Now, I'm not saying it's not uncomfortable. We all hate change. I was actually just doing a workshop for a different client this morning that was talking about overcoming change. Change is tough. There's a resistance model in change. It's denial, resistance, ideally experimentation, and then buy-in. That happens to everyone, and it takes a year to cycle through. So I'm not saying a new buyer wouldn't be painful at first, but it can be better.

So here is how we do the succession process or the sale process. At the end of the day, we need to know who our leaders are, and if they are competent and competent. I've had some clients who told me all they wanted to do was sell, and they met with some buyers who had some really high numbers at first. And then when the buyers did a little more digging, what they found out is it really was a founder run business. And you've got a founder who's 68 who doesn't want to stay around for two, or three years, or five. And you've also got a company who's trying to buy it and change it, and don't want to be able to change it while the founder's still running it, and the sale died in the water.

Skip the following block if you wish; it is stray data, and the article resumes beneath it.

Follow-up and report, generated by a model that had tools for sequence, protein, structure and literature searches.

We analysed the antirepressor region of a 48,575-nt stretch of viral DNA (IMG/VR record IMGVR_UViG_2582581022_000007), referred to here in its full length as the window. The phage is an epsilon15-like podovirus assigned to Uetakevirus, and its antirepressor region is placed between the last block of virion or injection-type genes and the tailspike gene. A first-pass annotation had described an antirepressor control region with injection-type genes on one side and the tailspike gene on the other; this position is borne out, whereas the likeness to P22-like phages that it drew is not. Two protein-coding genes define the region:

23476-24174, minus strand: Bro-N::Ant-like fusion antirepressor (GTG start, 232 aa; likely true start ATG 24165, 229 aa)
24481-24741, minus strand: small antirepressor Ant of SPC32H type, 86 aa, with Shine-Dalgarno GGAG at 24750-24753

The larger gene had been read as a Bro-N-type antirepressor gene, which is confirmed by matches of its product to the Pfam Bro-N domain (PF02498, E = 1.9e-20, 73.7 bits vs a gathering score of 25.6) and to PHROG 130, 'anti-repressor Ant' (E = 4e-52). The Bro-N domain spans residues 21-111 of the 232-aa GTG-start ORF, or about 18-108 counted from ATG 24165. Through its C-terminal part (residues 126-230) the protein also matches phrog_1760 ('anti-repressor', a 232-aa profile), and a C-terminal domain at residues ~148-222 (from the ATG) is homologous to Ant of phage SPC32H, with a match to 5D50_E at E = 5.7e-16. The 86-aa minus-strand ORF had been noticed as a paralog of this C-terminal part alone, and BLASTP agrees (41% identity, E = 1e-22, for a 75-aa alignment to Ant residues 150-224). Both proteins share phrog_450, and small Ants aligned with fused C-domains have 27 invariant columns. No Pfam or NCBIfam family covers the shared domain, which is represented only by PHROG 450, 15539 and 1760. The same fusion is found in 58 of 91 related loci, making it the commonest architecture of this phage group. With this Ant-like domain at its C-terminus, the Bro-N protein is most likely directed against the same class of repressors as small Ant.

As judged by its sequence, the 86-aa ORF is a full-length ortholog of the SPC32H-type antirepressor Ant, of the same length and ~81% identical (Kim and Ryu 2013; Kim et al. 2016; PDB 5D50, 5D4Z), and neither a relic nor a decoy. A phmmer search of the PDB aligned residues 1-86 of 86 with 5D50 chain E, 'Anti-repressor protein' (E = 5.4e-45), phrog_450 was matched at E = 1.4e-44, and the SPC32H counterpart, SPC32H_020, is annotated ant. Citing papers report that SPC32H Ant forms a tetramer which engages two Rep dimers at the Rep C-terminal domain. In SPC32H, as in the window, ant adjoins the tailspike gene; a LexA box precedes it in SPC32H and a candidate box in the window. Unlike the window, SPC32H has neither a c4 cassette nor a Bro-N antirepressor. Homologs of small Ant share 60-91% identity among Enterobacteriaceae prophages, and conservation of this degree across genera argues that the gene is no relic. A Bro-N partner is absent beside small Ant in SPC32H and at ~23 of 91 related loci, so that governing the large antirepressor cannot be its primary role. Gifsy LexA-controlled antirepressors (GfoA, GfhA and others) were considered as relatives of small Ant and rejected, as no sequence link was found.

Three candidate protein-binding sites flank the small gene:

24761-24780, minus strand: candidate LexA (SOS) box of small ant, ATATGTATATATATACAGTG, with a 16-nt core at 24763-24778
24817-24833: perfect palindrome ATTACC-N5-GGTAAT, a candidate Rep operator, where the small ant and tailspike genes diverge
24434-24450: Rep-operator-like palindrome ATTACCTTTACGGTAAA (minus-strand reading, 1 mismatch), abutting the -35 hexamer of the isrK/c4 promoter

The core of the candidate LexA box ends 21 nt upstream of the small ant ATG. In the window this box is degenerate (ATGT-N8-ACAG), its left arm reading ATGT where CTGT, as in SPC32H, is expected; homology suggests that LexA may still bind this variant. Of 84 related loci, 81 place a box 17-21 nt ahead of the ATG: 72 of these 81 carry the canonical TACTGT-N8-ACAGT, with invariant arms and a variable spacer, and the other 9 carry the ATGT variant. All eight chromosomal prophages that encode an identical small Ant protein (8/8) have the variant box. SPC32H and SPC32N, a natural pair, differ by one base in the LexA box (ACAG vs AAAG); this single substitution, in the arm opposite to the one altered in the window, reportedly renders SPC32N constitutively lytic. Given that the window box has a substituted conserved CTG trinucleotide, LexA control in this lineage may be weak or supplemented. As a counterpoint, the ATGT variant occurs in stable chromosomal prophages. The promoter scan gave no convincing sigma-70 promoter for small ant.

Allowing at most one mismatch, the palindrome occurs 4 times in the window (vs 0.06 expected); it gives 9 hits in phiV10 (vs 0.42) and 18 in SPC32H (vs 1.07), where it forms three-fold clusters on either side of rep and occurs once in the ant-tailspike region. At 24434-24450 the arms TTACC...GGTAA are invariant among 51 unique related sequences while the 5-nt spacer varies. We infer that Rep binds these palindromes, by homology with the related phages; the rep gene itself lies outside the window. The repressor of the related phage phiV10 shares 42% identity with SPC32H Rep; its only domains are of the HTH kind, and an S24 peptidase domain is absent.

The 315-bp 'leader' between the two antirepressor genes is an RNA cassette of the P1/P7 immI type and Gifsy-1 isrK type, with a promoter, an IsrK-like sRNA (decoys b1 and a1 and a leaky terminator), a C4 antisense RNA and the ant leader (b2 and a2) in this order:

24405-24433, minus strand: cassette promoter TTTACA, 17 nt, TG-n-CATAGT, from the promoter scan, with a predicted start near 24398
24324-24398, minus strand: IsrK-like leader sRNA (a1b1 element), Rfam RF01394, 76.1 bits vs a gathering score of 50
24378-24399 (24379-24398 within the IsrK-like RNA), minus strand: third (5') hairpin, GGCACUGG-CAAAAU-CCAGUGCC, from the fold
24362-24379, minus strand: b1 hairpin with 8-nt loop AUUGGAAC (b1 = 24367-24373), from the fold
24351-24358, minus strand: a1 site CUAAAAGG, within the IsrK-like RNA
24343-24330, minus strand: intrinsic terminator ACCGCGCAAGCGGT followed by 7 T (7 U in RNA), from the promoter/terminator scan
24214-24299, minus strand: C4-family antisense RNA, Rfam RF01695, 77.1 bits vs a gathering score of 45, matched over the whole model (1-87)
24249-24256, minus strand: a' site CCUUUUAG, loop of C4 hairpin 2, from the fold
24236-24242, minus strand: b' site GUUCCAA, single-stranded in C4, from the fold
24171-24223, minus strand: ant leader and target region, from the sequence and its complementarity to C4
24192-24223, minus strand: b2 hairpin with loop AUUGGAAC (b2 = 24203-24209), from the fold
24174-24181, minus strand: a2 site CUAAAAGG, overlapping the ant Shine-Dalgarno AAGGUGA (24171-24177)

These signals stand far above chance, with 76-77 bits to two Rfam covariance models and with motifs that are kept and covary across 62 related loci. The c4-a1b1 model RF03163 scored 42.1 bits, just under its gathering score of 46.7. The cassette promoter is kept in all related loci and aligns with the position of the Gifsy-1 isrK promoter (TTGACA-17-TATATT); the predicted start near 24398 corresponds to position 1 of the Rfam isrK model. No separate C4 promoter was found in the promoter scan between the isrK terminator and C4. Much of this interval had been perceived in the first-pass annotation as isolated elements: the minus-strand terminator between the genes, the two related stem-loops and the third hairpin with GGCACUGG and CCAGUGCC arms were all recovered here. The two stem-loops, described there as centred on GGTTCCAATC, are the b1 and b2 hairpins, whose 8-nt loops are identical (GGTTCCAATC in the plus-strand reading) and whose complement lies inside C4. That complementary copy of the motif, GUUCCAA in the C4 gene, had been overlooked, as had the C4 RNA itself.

So I'm not saying you have to sell your company, but if you don't have your kids who want it, and you don't have employees who can take it over, can't find a way to finance that, a lot of people are like, "Well, I'll just sell my company." Believe it or not, it's not that easy if your company is you, because no one wants to buy just you, especially when you're running out of steam. They might've wanted to buy you 15 years ago. But if you're hanging on by a thread and this was your exit plan, you've got to make sure there's something there to buy. Companies buy strong management teams.